Unless you’re someone like me, who always has to be careful.

We emerged from the cramped corridor onto the narrow Gallery of Gargoyles, high above Paris. I shielded my eyes from the sun. A warm wind swept my hair around my face as I looked out through the mesh fencing that covered the once-open balcony.

The gargoyle known as Le Penseur, “The Thinker,” sat regally with his stone head turned toward the City of Lights, as he had for over 150 years. Unlike my friend Dorian, this gargoyle of Notre Dame wouldn’t be stepping off his stone mount.

For a few brief seconds, the stunning details Eugène Viollet-le-Duc had added to his chimeras all those years ago made me forget about the woman. The grandeur even made me lose sight of the real reason I was at Notre Dame that day. My quest was never far from my thoughts, but for those fleeting moments, I allowed myself the space to appreciate the splendor of the craftsmanship of generations of artists and laborers.

A girl around eight years old squealed in delight as she noticed a set of smaller gargoyles perched overhead, grinning maniacally at us. Her younger brother began to cry. His father explained in a thick Welsh accent that gargoyles weren’t to be feared. They weren’t even real, for Heaven’s sake! His father was right—in this particular case.

If I didn’t get rid of my shadow and get what I needed here at Notre Dame, the Welshman’s words would be true for all gargoyles, including my best friend. I followed the tight walkway for a few steps until I saw it. An unfinished slab of limestone where a gargoyle might have perched.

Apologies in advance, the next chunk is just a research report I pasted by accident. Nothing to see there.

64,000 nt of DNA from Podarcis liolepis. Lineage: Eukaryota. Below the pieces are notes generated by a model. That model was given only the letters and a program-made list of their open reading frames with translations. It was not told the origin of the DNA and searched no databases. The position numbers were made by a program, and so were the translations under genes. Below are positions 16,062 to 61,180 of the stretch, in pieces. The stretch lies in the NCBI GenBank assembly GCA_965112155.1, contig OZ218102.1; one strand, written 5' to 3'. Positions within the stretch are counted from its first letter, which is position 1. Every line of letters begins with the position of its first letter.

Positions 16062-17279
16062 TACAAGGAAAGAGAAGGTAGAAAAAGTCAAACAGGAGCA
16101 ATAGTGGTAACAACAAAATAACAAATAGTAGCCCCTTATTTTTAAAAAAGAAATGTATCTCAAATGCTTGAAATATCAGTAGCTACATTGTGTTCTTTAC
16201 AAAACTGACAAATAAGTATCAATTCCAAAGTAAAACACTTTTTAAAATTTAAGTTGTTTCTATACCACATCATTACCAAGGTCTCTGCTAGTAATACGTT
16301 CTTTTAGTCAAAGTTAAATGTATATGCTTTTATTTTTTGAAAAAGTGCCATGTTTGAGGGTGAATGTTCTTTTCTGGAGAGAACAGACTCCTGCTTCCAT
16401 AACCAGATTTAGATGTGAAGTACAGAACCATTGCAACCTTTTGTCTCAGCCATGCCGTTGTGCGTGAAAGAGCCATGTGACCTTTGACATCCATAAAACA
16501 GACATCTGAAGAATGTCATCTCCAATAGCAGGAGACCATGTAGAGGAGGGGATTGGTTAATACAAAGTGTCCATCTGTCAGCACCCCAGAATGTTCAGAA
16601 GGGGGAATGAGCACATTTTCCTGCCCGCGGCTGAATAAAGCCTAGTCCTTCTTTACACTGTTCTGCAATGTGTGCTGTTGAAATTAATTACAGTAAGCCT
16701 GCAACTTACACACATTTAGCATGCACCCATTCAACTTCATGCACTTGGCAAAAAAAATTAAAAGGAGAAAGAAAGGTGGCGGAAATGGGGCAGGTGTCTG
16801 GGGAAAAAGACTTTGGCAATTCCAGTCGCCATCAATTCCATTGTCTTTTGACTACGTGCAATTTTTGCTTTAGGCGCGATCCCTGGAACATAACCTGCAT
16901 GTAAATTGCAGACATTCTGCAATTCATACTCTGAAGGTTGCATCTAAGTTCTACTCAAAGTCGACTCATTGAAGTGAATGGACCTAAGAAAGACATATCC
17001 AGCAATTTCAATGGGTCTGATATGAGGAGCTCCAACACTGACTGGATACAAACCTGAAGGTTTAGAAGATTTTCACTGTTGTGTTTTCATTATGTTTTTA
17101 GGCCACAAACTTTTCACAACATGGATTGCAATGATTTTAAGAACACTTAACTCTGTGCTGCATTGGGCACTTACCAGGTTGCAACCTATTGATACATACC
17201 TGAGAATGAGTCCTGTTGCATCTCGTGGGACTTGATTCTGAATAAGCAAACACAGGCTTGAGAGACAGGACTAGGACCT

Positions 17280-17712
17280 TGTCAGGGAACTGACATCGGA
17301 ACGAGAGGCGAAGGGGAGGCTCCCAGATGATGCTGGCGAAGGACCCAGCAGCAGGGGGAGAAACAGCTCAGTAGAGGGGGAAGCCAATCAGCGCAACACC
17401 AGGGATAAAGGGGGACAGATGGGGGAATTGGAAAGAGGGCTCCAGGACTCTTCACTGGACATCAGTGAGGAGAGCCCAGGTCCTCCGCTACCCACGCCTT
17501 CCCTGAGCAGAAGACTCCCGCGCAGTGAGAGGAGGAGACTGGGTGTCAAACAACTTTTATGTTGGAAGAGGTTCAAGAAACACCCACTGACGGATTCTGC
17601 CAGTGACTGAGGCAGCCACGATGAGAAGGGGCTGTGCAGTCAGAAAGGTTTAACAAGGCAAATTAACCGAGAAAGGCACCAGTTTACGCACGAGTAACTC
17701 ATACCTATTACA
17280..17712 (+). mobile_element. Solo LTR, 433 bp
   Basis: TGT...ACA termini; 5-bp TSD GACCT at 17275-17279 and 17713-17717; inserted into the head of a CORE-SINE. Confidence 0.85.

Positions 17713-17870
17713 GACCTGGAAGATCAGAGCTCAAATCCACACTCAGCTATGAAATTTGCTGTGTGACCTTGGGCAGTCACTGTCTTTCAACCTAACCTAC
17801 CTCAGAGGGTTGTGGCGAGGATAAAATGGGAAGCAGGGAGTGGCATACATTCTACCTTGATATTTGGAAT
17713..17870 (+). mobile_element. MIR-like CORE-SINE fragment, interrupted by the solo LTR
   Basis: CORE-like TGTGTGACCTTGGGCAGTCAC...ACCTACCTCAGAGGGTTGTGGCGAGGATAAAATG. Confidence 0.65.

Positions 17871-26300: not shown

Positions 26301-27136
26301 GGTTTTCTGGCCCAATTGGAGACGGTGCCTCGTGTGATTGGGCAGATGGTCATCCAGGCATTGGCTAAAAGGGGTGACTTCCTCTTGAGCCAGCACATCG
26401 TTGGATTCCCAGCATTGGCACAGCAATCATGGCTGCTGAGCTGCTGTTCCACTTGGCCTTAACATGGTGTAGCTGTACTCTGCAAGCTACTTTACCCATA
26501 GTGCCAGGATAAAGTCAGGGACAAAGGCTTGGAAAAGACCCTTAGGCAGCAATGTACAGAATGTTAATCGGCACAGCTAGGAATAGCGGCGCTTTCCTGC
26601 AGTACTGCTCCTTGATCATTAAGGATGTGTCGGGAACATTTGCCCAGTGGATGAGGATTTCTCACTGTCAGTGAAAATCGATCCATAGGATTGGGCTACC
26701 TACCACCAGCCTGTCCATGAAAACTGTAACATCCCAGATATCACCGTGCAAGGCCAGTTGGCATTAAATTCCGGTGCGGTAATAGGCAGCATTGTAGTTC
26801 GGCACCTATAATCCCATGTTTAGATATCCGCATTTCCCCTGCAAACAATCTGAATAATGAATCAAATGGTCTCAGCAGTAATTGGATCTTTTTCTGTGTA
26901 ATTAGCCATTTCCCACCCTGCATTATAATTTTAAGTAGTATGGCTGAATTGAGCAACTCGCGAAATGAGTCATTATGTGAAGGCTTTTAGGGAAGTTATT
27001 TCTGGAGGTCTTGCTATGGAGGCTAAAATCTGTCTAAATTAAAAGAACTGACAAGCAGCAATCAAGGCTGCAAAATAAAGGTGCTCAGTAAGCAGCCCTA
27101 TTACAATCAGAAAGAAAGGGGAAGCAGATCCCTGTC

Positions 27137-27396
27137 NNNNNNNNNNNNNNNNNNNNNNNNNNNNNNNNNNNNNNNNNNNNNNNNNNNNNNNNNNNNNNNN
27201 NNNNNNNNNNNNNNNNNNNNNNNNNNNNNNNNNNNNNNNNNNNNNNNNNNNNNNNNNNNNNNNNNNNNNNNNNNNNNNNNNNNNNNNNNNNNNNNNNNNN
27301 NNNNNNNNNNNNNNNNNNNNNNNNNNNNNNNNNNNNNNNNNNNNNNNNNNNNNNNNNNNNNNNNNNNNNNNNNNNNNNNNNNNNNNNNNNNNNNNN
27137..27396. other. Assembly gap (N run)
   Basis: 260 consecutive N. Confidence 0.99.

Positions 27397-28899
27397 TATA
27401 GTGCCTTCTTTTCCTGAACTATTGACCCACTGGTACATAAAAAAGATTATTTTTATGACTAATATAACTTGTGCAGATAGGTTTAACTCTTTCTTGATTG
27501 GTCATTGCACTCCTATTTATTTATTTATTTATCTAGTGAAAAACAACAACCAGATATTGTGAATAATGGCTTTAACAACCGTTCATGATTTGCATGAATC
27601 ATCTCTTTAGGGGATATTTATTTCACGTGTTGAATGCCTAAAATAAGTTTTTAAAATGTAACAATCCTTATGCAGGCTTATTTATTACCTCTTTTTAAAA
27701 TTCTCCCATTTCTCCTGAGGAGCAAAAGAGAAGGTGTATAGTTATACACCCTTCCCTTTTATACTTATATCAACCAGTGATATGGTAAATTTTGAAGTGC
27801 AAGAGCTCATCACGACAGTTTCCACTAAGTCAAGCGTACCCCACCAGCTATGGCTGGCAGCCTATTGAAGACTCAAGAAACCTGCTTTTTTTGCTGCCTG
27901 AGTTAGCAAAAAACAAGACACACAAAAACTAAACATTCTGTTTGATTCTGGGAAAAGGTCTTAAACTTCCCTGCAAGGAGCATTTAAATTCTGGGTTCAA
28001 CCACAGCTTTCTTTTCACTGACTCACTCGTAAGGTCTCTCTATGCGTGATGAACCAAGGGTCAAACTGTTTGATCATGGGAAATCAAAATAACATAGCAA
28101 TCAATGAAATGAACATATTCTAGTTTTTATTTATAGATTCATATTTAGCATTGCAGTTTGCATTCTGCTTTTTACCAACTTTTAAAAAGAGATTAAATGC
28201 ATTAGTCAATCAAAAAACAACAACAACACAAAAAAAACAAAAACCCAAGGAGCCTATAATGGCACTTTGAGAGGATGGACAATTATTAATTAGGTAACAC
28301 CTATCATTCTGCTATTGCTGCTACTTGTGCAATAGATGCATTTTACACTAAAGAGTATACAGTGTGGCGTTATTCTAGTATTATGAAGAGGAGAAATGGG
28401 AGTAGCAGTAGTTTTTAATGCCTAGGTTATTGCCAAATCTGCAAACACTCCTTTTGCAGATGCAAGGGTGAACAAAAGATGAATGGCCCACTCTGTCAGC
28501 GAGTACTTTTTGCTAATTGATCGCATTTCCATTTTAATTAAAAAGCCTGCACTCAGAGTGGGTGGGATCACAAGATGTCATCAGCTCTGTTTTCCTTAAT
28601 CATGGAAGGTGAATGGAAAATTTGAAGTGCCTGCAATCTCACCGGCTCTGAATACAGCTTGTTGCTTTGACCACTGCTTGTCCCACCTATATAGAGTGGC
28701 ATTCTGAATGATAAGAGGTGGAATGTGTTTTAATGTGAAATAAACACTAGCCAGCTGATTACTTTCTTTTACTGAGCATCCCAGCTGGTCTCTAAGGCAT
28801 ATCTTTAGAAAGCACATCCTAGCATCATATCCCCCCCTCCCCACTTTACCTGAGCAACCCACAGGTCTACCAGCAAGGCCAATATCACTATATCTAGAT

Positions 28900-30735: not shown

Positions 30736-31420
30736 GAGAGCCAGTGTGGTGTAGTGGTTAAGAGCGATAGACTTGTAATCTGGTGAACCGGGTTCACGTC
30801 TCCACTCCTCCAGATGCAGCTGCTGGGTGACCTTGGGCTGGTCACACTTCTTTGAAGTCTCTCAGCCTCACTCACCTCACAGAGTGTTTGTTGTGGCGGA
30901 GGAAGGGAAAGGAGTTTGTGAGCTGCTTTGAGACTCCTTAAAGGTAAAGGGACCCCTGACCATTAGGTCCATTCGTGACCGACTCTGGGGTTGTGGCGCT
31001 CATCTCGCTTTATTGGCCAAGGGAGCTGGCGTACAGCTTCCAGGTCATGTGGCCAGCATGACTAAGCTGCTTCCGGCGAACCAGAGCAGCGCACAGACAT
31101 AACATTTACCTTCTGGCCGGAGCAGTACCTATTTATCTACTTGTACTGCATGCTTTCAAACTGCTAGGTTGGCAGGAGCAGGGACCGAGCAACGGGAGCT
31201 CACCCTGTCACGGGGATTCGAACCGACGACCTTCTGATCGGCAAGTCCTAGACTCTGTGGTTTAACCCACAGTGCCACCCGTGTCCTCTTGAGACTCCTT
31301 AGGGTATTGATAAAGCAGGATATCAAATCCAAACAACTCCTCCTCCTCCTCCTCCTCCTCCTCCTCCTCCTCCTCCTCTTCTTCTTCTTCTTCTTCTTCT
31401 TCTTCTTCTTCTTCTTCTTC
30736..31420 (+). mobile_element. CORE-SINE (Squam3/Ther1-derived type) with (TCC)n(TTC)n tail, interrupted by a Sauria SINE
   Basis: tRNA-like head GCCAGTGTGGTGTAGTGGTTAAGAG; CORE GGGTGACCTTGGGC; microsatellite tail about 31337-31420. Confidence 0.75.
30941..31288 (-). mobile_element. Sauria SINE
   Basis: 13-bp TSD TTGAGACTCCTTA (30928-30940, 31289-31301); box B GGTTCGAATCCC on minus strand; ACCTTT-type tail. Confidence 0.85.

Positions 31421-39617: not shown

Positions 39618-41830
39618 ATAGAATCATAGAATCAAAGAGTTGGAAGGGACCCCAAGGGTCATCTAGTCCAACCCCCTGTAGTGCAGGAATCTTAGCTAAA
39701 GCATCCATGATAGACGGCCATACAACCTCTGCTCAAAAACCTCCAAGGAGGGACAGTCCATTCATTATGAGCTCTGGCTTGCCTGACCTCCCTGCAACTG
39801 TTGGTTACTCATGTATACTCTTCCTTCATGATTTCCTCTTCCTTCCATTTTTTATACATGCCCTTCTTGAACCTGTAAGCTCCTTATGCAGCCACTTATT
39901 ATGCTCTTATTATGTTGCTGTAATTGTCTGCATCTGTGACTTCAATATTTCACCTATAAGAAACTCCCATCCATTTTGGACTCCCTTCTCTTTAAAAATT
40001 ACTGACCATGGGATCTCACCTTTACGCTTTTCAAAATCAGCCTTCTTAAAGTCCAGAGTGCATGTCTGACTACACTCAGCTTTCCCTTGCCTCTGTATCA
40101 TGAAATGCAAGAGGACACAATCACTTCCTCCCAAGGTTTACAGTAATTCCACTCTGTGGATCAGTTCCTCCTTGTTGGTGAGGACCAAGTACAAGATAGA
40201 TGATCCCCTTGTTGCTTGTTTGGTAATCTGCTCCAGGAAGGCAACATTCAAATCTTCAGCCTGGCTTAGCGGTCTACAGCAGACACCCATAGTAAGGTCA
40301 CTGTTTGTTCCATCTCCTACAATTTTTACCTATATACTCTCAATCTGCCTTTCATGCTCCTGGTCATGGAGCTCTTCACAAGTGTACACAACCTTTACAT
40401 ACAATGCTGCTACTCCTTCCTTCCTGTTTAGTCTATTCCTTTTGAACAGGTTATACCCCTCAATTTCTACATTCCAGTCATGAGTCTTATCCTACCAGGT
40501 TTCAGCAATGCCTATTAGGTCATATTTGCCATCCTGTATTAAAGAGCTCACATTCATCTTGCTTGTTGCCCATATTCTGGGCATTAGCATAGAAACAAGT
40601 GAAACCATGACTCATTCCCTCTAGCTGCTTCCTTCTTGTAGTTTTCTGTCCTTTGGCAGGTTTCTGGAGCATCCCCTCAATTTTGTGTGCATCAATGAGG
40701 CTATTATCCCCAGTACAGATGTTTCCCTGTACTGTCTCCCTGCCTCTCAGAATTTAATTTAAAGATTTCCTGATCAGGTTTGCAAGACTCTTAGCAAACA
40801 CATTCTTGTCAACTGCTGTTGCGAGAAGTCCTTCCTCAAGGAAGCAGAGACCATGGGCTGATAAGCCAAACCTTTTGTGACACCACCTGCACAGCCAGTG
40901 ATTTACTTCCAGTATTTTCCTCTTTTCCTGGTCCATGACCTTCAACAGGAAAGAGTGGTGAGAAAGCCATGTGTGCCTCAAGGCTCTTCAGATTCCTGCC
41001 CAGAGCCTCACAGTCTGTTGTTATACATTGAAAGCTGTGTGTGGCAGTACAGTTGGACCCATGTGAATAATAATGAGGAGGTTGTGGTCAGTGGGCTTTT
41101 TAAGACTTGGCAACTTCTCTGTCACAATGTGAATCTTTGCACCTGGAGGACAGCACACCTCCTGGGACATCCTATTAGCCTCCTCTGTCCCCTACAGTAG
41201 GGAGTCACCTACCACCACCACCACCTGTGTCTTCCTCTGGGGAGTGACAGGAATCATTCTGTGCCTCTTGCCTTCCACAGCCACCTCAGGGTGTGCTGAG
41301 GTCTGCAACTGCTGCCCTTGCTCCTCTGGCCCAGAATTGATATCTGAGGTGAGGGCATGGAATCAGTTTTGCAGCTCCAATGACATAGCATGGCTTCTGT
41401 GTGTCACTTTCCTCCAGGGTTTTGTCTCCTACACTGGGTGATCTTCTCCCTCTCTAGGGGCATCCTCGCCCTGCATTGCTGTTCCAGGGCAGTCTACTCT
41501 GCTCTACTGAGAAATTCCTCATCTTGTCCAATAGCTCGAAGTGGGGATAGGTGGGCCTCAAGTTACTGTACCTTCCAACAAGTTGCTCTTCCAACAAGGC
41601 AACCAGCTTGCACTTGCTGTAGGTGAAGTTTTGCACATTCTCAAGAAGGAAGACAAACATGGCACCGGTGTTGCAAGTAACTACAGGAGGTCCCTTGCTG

This was the spot.

I glanced behind me. The woman stood a few paces away. In stylish sunglasses with a perfectly knotted silk scarf around her spindly neck, she was simultaneously frail and glamorous. Unlike the crowd of tourists excitedly scurrying past each other on the balcony that was never meant for this volume of visitors, the woman stood stock still. She held no camera. Her gaze didn’t linger on the dramatic cityscape or on the unique stone monsters that surrounded us.

She looked directly at me, not bothering to conceal her curiosity.

“May I help you?” I asked, speaking in French. Though the woman hadn’t spoken, the style and care of her clothing, hair, and makeup suggested she was Parisian.

She pulled her sunglasses off and clenched them in boney hands. “I knew it,” she replied in English. “I knew it was you.” Her voice was strong, with the hint of a rattle in her throat. The forcefulness of her words seemed to surprise her nearly as much as it surprised me.

My throat constricted, and I instinctively reached for my purse. Empty except for my phone, notebook, wallet, and homemade granola bars packed in parchment paper. I was thankful I’d had the sense to leave Dorian’s alchemy book safely hidden far from me. I willed myself to relax. Things were different now. This wasn’t a witch hunt. Being recognized wasn’t necessarily a bad thing.